Q. How knee-rattling are the last few holes? I know you made birdie at 16 but a couple guys made double there; what do you think about that closing stretch?
PAUL CASEY: I enjoy the closing stretch. For me, distances are very important, and today was a perfect number on the 16th hole. It was a hard 8-iron, and I love the 16th. I think it's a great hole. I have good memories. I made a great birdie putt there last year in the final round.
17 and 18, tricky tee shots, but if you get a good tee shot away, then they can be very rewarding. You can certainly get good looks at birdies on both holes, but it's very much the tee shot. You know, it's a lot narrower than it used to be, but that's rightly so. I think because -- as I say, you can have a relatively short-iron approach into that hole; why shouldn't it be narrow?

Q. Can you talk about your performance on the front nine?
PAUL CASEY: Yeah, the front nine started off -- well, it was a great nine, the way it started on the first hole, it was a poor tee shot into the bunker and I got very lucky with the lie in the bunker there. I hit a great shot in. Didn't convert.
The second hole, middle of the fairway, 4-iron in my hand and chunked the 4-iron and played a good pitch to about 15 feet and made it. So I felt very -- it was kind of bittersweet. I felt that was a disappointing start because possibly should have been a couple under through two, but yet I was 1-under through two, and that's a great start around here.
And it snowballed from there. Stewart Cink and I are good friends and we enjoy playing golf together, and we sort of spurred each other on I think hitting good shots on the front side. And I certainly didn't get wrapped up in the score of where I was under par relative to the day or where I was in terms of the leaderboard, and just tried to put together as good a front side as possible.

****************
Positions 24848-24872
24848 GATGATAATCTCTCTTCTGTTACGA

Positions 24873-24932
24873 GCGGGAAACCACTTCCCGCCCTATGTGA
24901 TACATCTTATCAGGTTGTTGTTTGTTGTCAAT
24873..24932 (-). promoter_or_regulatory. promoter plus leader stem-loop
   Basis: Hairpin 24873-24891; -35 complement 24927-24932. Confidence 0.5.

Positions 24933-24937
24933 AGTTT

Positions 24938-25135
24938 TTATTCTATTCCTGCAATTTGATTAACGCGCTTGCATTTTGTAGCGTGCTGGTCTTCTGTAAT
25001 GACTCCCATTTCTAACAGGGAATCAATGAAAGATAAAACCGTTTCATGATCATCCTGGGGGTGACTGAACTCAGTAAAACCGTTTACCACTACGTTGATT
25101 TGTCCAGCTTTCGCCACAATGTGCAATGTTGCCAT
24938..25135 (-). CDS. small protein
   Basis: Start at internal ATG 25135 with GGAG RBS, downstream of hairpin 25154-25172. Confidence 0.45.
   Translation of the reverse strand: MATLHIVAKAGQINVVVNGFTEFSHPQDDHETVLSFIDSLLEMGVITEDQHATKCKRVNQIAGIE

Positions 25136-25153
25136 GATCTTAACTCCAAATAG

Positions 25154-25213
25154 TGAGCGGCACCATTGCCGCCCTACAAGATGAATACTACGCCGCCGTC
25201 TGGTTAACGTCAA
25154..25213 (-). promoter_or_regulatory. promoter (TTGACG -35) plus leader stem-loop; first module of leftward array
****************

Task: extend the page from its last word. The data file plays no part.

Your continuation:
The only disappointment was the 8th where I played a poor pitch and misread the putt. So it could really have been even better than 32.

Q. I apologize if this was asked earlier, but tomorrow with the wind that's been predicted with the typical Sunday setup around here where they give you a chance to go at things, and with the guys on the leaderboard who may not have been in this situation as often as you or Tiger or Stewart, do you expect it to be as wild a day as you could possibly see around Augusta?
PAUL CASEY: Your definition of wild?

Q. I mean, anything might happen tomorrow.
PAUL CASEY: Yeah, depends on how hard it blows. You know somebody is going to play good golf. You know, I don't -- you look at the Top 3 guys there; one of them is going to play good golf tomorrow. Has to happen. Probably going to be Trevor the way he's been playing so far this week, and he's going to be the guy to catch.
I have seen traditionally how it's setup on a Sunday around here and that can be quite appealing; that can be quite fun. But you've got to hit the golf shots. And I've always believed that -- talking to friends of mine who have been here a lot longer than I have, great golf shots are rewarded at Augusta National. Good golf shots are good golf shots, but you have to hit great ones in order to be rewarded, and that's what it's going to take tomorrow. And if you're courageous and you hit them and pull them off, then there's no reason why somebody can't post a very good number tomorrow.

Q. How well do you know Trevor, and have you ever had battles going into the final round that you can recall?
PAUL CASEY: I know Trevor quite well and I don't recall any battles going into the final round. I've seen him I think almost every evening so far this week. We sort of brushed by each other at dinner this week at the house. You know, we get along very, very well.